On another note, I've NEVER heard same-sex injunctions of the kind that are issued to hetero meetings. Men should never meet with another man alone. (sounds ridiculous, doesn't it?) And yet why wouldn't it be of equal concern as the hetero meeting? We know that all sorts of extramarital homosexual interactions have occurred in Christian institutions across the board and throughout time. Yet there is no such injunction to "protect" ourselves in this way, in the same way there is no such injuction that Christians "protect" themselves from shoplifting by avoiding shopping, from gluttony by avoiding food, from falsehoods by avoiding speech. None of those solutions appear balanced enough to promote mental, emotional and physical health, not to mention societal well-being.
So the question is why? Why the rule about male/female relationships? I can only see one answer. I am biased, sure. But strongly opinionated that this inequity all stems from misogyny. Trickle-down-from-the-ages misogyny and and belief of our Christian fore-fathers and -thinkers that women are the source of all sexual impurity and evil in the world, able to disarm a man of his moral purity and all decision-making agency. I'm not joking about this. You can look it up. (try Saints Jerome, John Chrysostom, and Augustine to start.)
Wednesday, February 13, 2008
Wednesday, February 06, 2008
Then, four years ago, I did the same thing. I was the mother of a 1-year-old.
Now, my 30th birthday is comign up in a few months and in many ways, to many people, I fit the mold of suburbia-Mom, shuttling my kids to school and dance class, doing the bulk of the grocery shopping, the laundry, the cooking. Now, my circle of acquaintances is broader, from more diverse backgrounds (think: school teachers, principal, dance instructors, professors, church people--not just scruffy college students). None of my woman-friends are buzzing their hair. If I defied expectations ten years ago, then I defy more now. Not to mention I'm supposed to preach/teach/chat for forty minutes in front of a bunch of people for the first time during a Sunday morning service this weekend.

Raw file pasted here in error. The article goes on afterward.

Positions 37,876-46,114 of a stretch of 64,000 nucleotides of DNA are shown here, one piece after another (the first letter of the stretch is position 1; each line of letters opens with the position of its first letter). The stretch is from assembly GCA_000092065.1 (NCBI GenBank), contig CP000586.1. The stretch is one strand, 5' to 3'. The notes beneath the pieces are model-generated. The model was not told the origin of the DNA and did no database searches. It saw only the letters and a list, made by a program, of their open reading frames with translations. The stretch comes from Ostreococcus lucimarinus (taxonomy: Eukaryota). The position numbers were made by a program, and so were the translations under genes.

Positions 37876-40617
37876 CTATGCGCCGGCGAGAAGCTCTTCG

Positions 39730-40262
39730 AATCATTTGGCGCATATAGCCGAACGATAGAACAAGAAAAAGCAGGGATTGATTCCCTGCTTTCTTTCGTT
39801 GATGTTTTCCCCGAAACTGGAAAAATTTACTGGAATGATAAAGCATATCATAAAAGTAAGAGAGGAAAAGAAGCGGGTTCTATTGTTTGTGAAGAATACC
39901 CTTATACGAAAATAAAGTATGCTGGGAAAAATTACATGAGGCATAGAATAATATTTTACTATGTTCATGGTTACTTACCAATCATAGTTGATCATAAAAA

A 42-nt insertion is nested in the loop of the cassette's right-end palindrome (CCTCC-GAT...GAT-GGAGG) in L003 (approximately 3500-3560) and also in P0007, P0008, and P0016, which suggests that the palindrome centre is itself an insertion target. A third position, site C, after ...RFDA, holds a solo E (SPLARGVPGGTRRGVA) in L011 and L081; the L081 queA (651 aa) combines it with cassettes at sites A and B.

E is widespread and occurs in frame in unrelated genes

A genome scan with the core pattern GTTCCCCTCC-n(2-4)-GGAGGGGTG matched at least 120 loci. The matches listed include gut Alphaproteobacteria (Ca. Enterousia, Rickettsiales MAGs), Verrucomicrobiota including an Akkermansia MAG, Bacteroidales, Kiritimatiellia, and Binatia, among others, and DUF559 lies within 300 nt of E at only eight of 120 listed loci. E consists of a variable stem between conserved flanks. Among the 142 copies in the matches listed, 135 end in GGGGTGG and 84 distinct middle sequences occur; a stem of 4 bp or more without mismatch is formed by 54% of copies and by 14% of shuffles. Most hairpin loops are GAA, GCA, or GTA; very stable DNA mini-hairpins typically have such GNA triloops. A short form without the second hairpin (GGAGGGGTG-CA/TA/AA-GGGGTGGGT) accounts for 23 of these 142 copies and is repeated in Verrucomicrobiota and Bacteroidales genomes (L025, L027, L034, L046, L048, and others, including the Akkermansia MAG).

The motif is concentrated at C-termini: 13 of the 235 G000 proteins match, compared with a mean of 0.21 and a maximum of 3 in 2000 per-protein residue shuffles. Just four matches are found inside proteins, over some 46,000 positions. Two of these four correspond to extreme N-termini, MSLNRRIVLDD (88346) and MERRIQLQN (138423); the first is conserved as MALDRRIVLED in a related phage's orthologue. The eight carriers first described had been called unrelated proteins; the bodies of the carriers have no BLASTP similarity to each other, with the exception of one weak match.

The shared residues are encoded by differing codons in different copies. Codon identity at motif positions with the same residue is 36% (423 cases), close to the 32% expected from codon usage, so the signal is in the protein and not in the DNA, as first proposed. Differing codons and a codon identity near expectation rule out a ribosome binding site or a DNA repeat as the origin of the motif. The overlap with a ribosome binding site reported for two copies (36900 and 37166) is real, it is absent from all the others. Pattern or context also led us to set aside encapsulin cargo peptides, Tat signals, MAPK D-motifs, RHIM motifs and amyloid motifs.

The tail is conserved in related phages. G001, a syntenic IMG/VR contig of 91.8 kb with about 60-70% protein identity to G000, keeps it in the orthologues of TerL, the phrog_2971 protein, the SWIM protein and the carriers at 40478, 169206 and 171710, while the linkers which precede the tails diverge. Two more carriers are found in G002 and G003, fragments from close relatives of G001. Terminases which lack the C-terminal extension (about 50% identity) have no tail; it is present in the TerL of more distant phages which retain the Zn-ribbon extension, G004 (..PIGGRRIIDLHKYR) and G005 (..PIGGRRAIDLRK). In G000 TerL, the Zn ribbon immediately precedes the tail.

All of this has nothing to do with my reasons for cutting my hair off. The engines driving my process were two-fold. Here's part 1:
I went to a movie two weeks ago. I saw some women with very very short hair. I felt a pang of longing. I felt stuck behind my shoulder-length red hair. I felt hidden and weighed down.
The seed of the idea, planted in my mind, sprouted.
Here's part 2:
I should mention that four years ago, when I shaved my head, it was a week after my third miscarriage. I had one living child to show for my four pregnancies. My husband and I had seen our fourth fetus' beating heart on ultrasound just ten days before. When we went back to the doctor to look again, that heart had stilled. There was something intuitive about grief-inspired shearing, and I took to it the second my husband left for a weekend visit to his family, the one I was supposed to go on had I not been so anti-social and grief-bound.